“We believe that some of the Norwegians in Isil [Isis] have risen to middle-management functions,” Lieutenant General Kjell Grandhagen, head of the Norwegian Intelligence Service, told Dagbladet newspaper in an interview published on Thursday.
The most prominent Norwegian Isis commander, Bastian Vasquez, a Norwegian Chilean from Bærum, outside Oslo, was reportedly killed in the autumn. But Grandhagen said several others had also been given senior ranks in the organisation.
“There are still several Norwegians who hold leadership positions in Isil,” Grandhagen told the paper. Among then is a Norwegian Eritrean from Skien, who was also last summer reported to have become an Isis commander.
Many Norwegians fighting for Isis were first radicalised by the Profetens Ummah group, which is centred around Østfold, Vestfold and Telemark, near Oslo.
According to Grandhagen, Isis has been shaken by the recent loss of the border town of Kobani, where they were defeated by Kurdish Peshmerga forces. However, he didn't think that such reversals yet signalled the beginning of the end for the organisation.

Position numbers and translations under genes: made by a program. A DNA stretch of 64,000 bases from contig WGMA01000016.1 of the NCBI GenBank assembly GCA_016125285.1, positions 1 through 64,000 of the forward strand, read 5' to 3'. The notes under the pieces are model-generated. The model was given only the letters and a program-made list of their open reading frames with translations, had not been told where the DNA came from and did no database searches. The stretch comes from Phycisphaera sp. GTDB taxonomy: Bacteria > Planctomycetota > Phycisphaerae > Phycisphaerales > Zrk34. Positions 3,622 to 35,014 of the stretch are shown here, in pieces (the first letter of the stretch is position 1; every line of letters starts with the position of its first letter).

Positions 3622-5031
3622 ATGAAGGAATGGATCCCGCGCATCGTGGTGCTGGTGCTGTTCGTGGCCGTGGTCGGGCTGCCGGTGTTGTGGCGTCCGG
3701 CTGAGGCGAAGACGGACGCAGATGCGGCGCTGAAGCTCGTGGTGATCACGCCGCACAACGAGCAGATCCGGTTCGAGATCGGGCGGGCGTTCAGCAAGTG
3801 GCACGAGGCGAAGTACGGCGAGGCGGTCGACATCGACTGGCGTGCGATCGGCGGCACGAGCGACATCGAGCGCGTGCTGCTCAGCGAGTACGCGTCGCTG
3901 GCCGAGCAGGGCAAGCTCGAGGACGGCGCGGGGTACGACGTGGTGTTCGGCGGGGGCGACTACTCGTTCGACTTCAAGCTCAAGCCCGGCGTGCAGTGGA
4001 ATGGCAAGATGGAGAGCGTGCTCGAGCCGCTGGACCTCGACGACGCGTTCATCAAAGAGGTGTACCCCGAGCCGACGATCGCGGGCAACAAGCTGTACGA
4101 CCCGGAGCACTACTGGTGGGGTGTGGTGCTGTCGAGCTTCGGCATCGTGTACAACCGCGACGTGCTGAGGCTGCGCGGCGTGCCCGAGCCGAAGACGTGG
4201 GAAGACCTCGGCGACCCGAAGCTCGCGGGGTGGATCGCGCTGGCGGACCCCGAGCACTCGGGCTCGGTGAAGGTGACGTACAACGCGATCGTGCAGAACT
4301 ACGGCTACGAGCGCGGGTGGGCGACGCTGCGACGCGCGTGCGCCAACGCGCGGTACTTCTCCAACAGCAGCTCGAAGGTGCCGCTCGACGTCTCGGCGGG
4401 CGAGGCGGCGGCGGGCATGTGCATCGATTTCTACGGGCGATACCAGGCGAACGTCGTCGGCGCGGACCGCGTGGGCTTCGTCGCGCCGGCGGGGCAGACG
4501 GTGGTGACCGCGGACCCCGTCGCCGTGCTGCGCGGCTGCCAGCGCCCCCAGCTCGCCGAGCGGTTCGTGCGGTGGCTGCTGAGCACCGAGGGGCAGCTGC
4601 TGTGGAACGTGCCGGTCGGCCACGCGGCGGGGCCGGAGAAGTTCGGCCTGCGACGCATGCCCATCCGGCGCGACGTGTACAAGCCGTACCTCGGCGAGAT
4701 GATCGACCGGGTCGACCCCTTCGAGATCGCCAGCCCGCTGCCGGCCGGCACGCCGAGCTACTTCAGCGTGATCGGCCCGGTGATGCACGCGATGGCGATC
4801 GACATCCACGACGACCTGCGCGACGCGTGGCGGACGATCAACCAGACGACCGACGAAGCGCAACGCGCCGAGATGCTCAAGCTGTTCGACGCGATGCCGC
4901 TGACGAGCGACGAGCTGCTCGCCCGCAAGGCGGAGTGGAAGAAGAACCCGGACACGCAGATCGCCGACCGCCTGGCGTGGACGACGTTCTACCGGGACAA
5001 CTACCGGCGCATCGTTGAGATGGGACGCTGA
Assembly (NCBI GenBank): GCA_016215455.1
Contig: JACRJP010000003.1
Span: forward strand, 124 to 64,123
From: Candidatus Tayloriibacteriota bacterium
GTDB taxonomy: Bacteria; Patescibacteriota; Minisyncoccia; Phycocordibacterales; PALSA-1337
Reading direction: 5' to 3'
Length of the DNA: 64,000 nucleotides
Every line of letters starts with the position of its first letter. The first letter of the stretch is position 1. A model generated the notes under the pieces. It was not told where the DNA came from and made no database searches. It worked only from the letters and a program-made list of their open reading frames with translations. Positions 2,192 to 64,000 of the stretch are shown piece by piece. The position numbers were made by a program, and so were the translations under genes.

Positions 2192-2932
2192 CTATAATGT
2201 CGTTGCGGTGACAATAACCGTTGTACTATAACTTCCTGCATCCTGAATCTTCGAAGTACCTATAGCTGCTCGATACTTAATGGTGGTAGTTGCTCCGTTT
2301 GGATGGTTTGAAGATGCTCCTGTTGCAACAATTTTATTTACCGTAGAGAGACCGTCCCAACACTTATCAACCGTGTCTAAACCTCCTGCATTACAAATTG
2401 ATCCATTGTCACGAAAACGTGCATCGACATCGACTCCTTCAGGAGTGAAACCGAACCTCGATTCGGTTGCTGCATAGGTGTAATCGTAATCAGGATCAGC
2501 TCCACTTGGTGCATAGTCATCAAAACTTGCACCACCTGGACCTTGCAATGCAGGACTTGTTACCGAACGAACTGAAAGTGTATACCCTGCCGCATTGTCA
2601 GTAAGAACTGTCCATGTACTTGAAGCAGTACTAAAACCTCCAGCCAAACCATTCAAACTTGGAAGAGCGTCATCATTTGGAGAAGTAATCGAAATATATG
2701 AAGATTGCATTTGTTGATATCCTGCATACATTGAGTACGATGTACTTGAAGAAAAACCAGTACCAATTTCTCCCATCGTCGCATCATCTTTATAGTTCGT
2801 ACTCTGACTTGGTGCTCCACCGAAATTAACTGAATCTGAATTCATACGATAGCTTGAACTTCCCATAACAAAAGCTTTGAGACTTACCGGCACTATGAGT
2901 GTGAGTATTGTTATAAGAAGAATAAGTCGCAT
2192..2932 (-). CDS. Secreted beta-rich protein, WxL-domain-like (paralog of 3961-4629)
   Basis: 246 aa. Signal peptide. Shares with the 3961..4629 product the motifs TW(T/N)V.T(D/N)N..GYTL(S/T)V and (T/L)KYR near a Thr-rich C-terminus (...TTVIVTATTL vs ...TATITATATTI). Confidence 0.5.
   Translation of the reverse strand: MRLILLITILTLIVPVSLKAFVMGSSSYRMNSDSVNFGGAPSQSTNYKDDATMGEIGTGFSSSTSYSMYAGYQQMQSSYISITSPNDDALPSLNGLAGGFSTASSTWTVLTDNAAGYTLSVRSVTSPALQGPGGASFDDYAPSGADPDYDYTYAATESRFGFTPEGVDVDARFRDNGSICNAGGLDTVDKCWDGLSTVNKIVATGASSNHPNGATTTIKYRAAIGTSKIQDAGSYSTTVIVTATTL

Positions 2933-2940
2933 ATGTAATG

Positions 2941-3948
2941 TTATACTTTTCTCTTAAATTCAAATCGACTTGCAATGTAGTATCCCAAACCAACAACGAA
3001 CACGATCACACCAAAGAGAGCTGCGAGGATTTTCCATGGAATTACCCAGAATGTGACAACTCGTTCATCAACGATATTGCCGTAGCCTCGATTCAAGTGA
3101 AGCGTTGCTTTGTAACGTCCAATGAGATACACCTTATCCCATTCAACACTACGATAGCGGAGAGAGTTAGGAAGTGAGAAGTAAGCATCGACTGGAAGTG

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“We see an Isis… which is impaired in some areas and must change its tactical concept to adapt to the situation,” Grandhagen said. “But we have no faith in those who think that this is an organisation that will let itself be defeated militarily in the near future. They have all the qualities needed to stand militarily for a long time, both in the areas where they reside and as a base for international terrorism.”
The Norwegian Intelligence Service estimates that there are now 150 Norwegians fighting in Syria and Iraq.